In this approach, line management owns all risks and a slim central risk department provides light-touch support and coordination as needed. The central risk department sees itself mainly in a process-coordination role, but it typically lacks the resources and insights to challenge businesses on their risk-management and control practices. In one case, a central risk-management department of fewer than 20 full-time employees was accompanied by a broad risk-champion network composed of several hundred people who spent between 10 and 20 percent of their time on risk topics, collectively representing about 50 to 60 additional full-time positions.
Many of the corporates that follow a decentralized approach conduct regular surveys for example, quarterly and brief polls of the risk-champion network to ensure that business departments think through and identify the most important existing and emerging risks. A strong risk culture is a key ingredient of this approach, since the departments themselves are held responsible for risks that strike.
Here, the risk function closely controls and owns most of the risks an arrangement that is often used for foreign exchange FX and commodity risk hedging while remaining risks are overseen by line managers, with double-checking or even close supervision provided by the central risk function.
Risk-related models typically reside in the central risk group and are rolled out and updated consistently throughout the company. The risk function challenges the assumptions made by businesses and enters into detailed discussions with them. As a result, the central risk department often also assigns responsibilities for individual risks and business departments to its dedicated employees. Both decentralized and centralized designs for the risk function have their merits.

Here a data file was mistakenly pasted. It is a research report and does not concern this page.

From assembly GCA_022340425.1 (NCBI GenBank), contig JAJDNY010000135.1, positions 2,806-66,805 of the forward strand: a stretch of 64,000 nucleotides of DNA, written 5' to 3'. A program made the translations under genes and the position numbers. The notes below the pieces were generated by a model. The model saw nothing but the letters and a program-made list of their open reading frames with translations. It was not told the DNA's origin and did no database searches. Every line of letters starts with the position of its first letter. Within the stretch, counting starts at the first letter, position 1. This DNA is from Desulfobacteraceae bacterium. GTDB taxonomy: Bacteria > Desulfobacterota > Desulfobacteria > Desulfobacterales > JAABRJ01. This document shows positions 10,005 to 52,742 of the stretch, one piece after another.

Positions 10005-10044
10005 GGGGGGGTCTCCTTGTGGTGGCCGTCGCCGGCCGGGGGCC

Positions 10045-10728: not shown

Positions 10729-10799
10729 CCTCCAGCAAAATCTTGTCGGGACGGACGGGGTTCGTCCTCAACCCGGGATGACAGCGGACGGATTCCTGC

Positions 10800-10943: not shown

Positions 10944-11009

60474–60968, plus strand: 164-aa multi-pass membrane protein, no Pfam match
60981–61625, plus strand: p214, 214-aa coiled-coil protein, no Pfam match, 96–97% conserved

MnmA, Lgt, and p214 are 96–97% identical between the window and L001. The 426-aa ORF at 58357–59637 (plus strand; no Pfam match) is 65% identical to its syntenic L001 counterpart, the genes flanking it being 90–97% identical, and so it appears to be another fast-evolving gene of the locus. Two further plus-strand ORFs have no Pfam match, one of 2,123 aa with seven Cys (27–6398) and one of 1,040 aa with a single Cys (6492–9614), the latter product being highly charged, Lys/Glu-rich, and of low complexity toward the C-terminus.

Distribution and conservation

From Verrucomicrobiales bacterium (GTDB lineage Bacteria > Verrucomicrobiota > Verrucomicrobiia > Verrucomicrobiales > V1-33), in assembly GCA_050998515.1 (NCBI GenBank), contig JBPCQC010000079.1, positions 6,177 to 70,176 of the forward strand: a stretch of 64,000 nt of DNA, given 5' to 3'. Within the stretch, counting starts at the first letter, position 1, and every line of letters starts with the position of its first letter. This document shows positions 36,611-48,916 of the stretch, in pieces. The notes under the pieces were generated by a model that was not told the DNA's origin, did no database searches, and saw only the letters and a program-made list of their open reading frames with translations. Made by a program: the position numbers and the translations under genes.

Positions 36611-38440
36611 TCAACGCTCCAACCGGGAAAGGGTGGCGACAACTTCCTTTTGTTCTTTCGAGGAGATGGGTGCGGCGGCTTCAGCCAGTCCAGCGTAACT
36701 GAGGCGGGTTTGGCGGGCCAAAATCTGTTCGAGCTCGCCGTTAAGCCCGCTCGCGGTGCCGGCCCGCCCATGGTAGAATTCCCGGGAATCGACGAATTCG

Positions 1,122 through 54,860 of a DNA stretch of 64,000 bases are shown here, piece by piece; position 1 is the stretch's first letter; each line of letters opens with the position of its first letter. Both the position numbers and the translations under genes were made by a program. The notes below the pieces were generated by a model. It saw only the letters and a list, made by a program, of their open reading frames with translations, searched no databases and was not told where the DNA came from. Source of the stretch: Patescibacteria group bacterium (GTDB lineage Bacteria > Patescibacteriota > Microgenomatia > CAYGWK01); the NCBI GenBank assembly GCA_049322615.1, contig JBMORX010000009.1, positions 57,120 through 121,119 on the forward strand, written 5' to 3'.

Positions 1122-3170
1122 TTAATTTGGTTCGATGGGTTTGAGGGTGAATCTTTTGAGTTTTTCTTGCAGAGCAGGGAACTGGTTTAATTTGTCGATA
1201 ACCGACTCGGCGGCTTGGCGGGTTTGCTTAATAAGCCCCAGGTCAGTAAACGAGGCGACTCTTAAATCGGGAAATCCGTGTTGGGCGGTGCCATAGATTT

Each is suited to managing different kinds of risk. A decentralized approach allows greater variety and flexibility in risk-management practices; business departments can tailor models and processes to their specific needs. Operational and technical risks, which rely for their management on expert knowledge that resides in the individual businesses, are usually best managed by a decentralized approach, with supporting tools and best practices supplied by the central department. Another advantage of the decentralized approach is the close integration of the risk function with the business through the risk-champion network, which ensures a seamless flow of communication on risk-related topics.
The central group is frequently updated on topics emerging throughout the company, and embedding risk champions in business departments ensures that risk is an integral part of the decisions made there. A centralized risk function, on the other hand, ensures a consistent approach and is often used for comparable risks throughout the organization; similar risks are treated with the same tools and processes.
For these reasons, market and credit risk, which are usually quite similar across the enterprise, will typically benefit from a centralized approach. Such an approach increases the efficiency and effectiveness of risk management because it allows for the sharing and refinement of good practices throughout the organization.
To select the right approach, corporates first need to identify the risks inherent in their business model and then decide on the trade-offs between centralization and decentralization of their setup for each risk type. They might consider questions such as the following: Who is responsible for managing and controlling each risk type?
In the future, who should be responsible for the risks, and which processes and policies need to be updated or written anew? How should we deal with the shortcomings of the chosen approach for example, how can we ensure sound and consistent models using a decentralized approach, and how can we strengthen risk culture in a centralized approach? Our survey revealed that the two industries we studied show different degrees of centralization across different risk types.
Generally speaking, corporates in AI follow a decentralized approach, whereas energy companies are much more centralized. This can be explained by reminding ourselves of the core risks laid out earlier. The quality risks in the AI industry can hardly be managed centrally; they must be taken care of by the line functions themselves for example, on the production lines.